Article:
The Girl With the Dragon Tattoo

It is rare in publishing that an author of fiction will have a story that enhances the fascination with his/her books, but Stieg Larsson is such a person. Larsson wrote three interwoven manuscripts as a way to pass the time on his daily work commute, and submitted them all as a package to a publisher in 2004. Months later, the author suffered a myocardial infarction and died at the age of 50. The first book in his crime-thriller trilogy was posthumously published and went on to become an international bestseller. The Girl With the Dragon Tattoo was initially titled “Men who hate women,” which was understandably changed to reflect one of its protagonist’s markings. The character of Lisbeth Salander, a skinny, waifish, angry, and hyper-intelligent punk, is a unique creation and destined to be neoclassic heroine of literature, if not cinema (the book as already been adapted to Swedish film, premiering at Cannes this year). All Larsson’s characters are richly drawn, flawed, but most of all real, as they inhabit the task of a middle-aged reporter’s quest to solve a 50-year old mystery.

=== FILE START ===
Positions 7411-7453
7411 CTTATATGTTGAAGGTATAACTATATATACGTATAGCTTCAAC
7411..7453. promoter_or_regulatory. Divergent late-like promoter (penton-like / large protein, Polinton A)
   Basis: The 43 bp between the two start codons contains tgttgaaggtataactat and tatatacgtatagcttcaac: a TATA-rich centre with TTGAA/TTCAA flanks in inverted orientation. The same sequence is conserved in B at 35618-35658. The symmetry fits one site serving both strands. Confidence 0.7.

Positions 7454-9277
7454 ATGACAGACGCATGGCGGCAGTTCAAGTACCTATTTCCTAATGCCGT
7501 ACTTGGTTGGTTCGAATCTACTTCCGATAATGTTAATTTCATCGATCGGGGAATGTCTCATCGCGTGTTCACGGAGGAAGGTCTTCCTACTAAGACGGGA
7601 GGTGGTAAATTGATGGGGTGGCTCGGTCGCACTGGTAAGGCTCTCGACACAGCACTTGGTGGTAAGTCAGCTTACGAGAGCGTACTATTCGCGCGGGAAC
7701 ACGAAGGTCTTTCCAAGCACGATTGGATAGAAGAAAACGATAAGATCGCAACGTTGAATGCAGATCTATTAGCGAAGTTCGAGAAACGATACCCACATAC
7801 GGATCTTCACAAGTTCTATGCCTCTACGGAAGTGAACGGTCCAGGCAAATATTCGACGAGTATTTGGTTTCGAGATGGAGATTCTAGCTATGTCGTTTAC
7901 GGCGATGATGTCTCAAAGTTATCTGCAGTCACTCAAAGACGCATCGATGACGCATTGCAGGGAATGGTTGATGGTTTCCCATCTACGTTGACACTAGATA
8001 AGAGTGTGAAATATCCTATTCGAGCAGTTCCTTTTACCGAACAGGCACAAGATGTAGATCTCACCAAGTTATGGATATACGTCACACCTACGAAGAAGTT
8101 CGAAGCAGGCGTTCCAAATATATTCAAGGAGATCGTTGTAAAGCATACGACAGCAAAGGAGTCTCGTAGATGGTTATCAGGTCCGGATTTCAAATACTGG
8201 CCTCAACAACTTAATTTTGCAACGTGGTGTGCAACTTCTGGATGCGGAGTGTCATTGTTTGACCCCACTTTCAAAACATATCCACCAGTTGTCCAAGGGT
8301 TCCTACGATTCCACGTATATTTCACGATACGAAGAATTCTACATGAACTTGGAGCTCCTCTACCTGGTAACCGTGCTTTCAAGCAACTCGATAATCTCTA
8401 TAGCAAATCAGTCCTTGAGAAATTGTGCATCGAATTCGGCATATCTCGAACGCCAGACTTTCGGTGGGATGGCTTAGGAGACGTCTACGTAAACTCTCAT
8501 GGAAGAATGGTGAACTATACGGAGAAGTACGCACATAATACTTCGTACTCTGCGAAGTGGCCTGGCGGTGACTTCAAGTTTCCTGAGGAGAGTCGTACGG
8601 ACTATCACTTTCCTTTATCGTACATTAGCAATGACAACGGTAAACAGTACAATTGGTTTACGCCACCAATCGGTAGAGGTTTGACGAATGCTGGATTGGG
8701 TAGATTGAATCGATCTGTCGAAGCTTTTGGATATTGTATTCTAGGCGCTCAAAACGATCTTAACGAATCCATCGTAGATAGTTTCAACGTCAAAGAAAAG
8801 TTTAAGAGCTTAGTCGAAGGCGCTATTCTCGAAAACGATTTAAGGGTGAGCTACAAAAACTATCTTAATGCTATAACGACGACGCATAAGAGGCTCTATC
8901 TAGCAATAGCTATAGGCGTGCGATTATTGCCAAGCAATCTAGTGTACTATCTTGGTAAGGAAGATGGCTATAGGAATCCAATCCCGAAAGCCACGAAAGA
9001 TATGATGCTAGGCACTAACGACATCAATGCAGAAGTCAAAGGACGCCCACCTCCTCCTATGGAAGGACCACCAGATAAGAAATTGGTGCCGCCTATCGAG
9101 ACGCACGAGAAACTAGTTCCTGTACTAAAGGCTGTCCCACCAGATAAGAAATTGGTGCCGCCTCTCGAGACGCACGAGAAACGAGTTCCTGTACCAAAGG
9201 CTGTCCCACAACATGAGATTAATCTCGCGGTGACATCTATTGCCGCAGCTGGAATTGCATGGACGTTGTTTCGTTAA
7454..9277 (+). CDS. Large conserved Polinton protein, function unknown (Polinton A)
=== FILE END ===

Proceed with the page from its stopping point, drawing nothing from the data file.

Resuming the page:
The simultaneous satisfaction of having two more books with Larsson’s characters to read is tempered with the immediate sadness that there are only two more books. Larsson’s premature death has leant a fascinating layer of real-life tragedy to his series, one that will likely be told hand-in-hand with the praise that this book deserves. This circumstance strikes me as one that will make the series vastly more popular and enduring than without Larsson’s untimely demise.

So, if you are going to leave your mark, leave it well and with dramatic flair.

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